31 To him who keeps an orchis’ heart

Written late summer 1858 – this is the last poem of Fascicle I. And a lovely ode to a flower sends us on our way –

 

To him who keeps an Orchis’ heart –
The swamps are pink with June.

[Emily Dickinson]

I wasn’t sure what an orchis was, so I looked it up –

orchis orchid flower

In the orchid family – it looks to me like a mix between an orchid and a snapdragon. Often pink, sometimes purple.

Let this be inspiration to buy yourself some flowers today and keep a flower’s heart with you – it’s almost June, but there’s something about getting a blossom or a bouquet, even more so when it comes from yourself.

Peace and Love –

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29 All these my banners be

Late summer 1858, last sheet of Fascicle I.

 

All these my banners be.
I sow my – pageantry
In May –
It rises train by train –
Then sleeps in state again –
My chancel – all the plain
Today.

[Emily Dickinson]

The chancel is a part of a church reserved for choir and clergy. Nature is the community, the decoration, the noble looker on. I love the image of a little woman directing trees and flowers and grasses to grow and blossom, like a conductor.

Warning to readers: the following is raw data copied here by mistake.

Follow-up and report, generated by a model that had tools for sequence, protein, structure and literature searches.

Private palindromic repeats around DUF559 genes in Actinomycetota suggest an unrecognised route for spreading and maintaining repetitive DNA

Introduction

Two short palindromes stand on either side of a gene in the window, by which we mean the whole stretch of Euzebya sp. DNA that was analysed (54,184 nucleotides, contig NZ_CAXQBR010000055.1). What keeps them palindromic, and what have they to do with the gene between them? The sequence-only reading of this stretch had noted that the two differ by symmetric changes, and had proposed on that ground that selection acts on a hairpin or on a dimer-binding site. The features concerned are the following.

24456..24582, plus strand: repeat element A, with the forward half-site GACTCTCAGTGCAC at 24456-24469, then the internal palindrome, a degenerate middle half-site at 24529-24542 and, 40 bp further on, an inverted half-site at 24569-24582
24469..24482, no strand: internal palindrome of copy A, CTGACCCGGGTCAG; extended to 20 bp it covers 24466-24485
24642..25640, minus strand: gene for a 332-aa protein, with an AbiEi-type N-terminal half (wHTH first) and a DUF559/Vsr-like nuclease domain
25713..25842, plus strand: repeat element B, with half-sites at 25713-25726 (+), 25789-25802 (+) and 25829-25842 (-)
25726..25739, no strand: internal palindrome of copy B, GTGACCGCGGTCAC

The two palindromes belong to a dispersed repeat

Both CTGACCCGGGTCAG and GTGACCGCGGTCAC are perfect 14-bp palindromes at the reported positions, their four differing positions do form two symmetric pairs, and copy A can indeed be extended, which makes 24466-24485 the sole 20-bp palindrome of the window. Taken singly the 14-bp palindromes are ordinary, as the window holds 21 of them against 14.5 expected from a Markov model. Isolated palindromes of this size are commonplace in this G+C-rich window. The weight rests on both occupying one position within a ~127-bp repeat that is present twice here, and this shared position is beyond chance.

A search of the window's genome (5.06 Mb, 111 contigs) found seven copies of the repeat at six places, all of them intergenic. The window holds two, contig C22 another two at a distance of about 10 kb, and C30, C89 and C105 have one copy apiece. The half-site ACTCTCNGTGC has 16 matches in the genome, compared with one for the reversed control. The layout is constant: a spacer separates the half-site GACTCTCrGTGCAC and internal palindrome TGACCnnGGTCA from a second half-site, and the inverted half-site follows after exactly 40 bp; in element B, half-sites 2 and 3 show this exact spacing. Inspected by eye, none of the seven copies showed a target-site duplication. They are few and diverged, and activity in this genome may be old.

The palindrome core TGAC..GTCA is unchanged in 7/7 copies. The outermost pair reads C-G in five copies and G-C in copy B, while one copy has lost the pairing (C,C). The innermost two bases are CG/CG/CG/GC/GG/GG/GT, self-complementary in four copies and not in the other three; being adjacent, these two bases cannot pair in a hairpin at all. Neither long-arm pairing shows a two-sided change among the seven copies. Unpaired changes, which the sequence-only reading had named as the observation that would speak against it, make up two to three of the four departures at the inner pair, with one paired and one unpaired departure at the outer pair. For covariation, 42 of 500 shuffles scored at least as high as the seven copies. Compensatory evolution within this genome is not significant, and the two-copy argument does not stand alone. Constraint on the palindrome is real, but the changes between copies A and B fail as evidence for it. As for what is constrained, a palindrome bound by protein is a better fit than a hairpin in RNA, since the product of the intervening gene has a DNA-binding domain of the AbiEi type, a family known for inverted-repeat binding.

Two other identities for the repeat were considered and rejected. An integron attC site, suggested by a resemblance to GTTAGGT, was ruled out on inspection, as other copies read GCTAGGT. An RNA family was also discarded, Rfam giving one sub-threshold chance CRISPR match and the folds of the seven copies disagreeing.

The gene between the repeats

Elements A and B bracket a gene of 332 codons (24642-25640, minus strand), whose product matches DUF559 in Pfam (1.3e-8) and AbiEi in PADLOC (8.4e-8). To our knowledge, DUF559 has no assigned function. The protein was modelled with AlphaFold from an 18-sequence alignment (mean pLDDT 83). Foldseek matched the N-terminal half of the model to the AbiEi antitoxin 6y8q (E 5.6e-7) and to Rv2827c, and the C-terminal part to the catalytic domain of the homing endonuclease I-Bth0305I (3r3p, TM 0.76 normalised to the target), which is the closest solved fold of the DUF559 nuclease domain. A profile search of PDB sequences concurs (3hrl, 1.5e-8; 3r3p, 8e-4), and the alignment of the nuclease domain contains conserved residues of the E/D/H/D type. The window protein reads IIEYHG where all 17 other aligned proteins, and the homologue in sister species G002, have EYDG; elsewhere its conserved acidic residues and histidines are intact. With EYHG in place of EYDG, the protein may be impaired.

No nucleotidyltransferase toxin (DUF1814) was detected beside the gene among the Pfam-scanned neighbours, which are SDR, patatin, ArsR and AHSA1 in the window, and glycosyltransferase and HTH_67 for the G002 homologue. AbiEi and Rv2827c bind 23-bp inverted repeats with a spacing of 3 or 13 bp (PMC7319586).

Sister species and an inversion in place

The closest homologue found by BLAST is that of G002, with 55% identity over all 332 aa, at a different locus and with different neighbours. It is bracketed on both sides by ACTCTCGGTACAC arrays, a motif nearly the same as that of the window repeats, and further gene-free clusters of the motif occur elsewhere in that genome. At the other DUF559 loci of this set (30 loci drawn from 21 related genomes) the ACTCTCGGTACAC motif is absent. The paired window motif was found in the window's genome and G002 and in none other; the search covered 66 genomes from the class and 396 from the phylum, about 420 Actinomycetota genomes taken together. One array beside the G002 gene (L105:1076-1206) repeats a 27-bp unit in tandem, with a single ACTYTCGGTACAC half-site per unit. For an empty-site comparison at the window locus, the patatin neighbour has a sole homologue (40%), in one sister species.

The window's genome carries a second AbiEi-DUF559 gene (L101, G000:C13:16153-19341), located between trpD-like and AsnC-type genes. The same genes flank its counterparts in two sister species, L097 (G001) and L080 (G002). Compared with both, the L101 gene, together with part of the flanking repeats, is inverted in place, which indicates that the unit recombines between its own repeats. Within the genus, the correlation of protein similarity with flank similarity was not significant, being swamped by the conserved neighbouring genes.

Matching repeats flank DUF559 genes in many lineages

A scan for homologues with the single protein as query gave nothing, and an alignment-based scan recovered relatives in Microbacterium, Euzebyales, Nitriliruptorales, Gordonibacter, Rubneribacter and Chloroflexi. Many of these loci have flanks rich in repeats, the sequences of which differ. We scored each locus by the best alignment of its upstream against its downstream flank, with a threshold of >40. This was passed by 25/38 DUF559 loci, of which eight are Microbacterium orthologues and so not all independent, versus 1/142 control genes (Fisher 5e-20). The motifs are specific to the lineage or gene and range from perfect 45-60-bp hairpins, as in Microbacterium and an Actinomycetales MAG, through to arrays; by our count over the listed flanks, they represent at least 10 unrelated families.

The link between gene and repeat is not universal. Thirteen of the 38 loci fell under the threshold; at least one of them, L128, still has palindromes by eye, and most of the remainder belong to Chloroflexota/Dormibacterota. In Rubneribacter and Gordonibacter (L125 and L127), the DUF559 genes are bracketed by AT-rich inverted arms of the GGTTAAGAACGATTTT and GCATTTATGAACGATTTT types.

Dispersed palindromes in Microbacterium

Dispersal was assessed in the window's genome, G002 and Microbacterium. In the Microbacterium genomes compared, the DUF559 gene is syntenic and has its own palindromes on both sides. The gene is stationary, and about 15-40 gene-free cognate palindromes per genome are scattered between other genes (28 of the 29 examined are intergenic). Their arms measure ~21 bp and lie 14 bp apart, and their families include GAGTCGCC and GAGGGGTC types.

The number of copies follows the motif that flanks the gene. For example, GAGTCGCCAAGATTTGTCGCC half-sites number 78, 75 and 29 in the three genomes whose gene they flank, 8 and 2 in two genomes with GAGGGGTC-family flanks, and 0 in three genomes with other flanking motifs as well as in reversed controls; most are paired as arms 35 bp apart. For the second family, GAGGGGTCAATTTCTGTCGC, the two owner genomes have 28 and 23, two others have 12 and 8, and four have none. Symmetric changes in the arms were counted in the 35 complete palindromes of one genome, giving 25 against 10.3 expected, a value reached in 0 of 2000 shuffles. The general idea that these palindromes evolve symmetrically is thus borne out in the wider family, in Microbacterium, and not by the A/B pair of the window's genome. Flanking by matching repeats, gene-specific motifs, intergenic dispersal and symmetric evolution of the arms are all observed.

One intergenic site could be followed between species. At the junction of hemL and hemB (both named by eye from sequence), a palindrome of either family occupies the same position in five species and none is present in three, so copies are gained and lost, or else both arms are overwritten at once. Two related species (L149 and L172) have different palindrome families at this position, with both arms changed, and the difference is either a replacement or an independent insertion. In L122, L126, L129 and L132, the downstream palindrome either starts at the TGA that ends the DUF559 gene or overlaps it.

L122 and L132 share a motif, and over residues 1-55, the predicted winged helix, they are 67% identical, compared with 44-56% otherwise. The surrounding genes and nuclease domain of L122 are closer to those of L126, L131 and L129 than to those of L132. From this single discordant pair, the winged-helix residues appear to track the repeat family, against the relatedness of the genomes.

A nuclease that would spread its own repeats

Joy and peace –

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25 A sepal – a petal – and a thorn

This playful ditty was written in the late summer of 1858.

 

A sepal – petal – and a thorn
Opon a common summer’s morn –
A flask of Dew – A Bee or two –
A Breeze – a’caper in the trees –
And I’m a Rose!

[Emily Dickinson]

Whatever the weather may be, it’s a beautiful day to get a little drunk on nature!

Peace –

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24 Frequently the woods are pink

Written in summer 1858, copied into Fascicle I. An ode to Nature’s constancy and variety –

 

Frequently the woods are pink –
Frequently are brown.
Frequently the hills undress
Behind my native town.
Oft a head is crested
I was wont to see –
And as oft a cranny
Where it used to be –
And the Earth – they tell me –
On it’s axis turned!
Wonderful Rotation!
By but twelve performed!

[Emily Dickinson]